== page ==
Time Out says
This energised snapshot of female friendship rollicks along with salty insights on hedonism, sex and growing pains.
This dark, comedic drama from Australian director Sophie Hyde should delight anyone who watches it. It answers the call for more female-led stories, lets two up-and-coming stars shine in an unconventional setting, and should delight fans of the Emma Jane Unsworth book on which it is based.
Laura (Holliday Grainger) and Tyler (Alia Shawkat) have been friends forever, living in a shabby-chic flat in Dublin. They sleep in each other’s beds, untie each other after ill-advised sex sessions with unsuitable men, and share their drink and drugs in equal measure. They are living life like there’s no tomorrow. Except there is. It’s called 30 and it scares them both to death.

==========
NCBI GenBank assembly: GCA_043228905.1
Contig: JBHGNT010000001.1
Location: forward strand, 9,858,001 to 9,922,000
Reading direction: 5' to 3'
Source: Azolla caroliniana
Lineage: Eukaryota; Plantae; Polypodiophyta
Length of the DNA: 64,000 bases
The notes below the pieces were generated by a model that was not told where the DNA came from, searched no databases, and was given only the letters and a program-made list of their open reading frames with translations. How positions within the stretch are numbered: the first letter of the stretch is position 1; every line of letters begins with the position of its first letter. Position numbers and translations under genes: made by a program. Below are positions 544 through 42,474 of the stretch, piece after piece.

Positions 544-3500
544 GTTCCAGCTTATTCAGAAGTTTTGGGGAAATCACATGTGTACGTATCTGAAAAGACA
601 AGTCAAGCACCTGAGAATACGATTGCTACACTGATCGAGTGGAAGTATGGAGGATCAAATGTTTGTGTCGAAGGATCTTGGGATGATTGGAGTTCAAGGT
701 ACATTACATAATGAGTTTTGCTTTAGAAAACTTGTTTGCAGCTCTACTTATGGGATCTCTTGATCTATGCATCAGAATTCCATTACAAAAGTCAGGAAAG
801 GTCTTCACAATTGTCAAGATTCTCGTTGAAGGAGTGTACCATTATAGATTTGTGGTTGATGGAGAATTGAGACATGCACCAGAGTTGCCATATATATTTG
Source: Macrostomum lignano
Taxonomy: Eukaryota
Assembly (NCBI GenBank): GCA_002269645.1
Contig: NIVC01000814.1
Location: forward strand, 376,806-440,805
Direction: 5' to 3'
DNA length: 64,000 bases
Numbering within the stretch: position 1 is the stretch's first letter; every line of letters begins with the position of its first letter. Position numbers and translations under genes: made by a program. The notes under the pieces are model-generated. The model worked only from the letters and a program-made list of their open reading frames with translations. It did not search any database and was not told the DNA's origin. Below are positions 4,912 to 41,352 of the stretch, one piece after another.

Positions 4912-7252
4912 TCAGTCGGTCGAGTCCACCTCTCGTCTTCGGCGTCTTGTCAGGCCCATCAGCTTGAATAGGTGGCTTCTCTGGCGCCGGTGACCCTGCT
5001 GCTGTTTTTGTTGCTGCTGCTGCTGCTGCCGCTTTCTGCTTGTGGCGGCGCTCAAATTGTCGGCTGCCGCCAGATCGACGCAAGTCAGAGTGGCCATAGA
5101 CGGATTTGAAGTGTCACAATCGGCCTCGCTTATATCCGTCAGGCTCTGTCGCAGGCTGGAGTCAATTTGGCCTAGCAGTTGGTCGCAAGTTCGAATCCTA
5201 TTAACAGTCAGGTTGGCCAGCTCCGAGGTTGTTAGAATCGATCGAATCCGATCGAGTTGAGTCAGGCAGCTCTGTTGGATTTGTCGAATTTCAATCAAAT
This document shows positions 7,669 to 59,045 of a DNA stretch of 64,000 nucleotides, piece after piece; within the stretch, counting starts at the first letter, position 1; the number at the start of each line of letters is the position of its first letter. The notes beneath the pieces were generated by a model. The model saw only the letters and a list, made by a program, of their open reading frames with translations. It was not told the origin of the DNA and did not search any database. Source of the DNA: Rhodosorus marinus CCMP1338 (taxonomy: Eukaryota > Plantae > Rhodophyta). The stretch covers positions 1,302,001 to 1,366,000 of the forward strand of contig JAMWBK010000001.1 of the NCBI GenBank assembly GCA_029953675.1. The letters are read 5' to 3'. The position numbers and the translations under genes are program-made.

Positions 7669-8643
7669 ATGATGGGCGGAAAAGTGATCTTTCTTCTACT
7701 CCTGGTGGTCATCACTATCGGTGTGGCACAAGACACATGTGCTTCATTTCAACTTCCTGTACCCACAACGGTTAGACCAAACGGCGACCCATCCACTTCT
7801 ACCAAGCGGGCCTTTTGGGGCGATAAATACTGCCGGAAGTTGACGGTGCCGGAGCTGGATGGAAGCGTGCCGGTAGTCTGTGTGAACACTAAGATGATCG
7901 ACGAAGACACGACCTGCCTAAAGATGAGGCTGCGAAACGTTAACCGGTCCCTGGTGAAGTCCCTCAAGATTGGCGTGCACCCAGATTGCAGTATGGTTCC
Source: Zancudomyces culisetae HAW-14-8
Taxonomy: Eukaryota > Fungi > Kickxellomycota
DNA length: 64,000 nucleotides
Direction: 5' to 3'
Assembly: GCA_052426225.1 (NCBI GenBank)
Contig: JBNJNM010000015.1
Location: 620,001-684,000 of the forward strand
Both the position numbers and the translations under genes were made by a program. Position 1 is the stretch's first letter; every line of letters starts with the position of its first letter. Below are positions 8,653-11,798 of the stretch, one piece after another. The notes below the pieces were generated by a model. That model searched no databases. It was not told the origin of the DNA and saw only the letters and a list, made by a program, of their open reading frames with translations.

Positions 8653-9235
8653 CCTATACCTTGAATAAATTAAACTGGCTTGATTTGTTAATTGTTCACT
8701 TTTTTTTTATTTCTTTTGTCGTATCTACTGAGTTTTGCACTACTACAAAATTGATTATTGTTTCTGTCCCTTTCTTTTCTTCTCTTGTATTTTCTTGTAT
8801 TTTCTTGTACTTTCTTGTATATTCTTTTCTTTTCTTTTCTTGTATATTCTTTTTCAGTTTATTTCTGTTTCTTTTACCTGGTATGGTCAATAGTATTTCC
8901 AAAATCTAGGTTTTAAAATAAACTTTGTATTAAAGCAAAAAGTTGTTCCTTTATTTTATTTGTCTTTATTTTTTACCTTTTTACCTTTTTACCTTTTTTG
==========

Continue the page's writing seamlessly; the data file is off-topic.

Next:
When Laura falls for the strait-laced Jim (Fra Fee), the girls’ nights of fun suddenly seem more messy than hedonistic. A scene in a club toilet where a coked-up Laura compliments her dealer on his lyrical name (he goes by Chicken Sandwich) feels very ‘Trainspotting’. But as the girls run around town stealing drugs and spilling wine on babies, it’s clear that ‘Withnail & I’ is the real inspiration.
Shawkat (‘Arrested Development’) is magnetic as the uncompromising, self-destructive Tyler, but our focus is always Laura. Grainger is both vulnerable and wonderfully unlikeable, as she dances around the idea of being a writer – and a grown-up – making a string of unwise decisions along the way.
If there’s anything missing in Hyde’s love letter to not growing up, it’s a sense of place. Unsworth’s novel is set in Manchester, and despite the shift of location it still feels like a northern tale at heart. For all the bars they visit and Irish poets they meet, Dublin never quite establishes itself as a character. But both Grainger and Shawkat have such adventures drinking and snorting their way through the film, that by the time the credits roll you won’t care too much.
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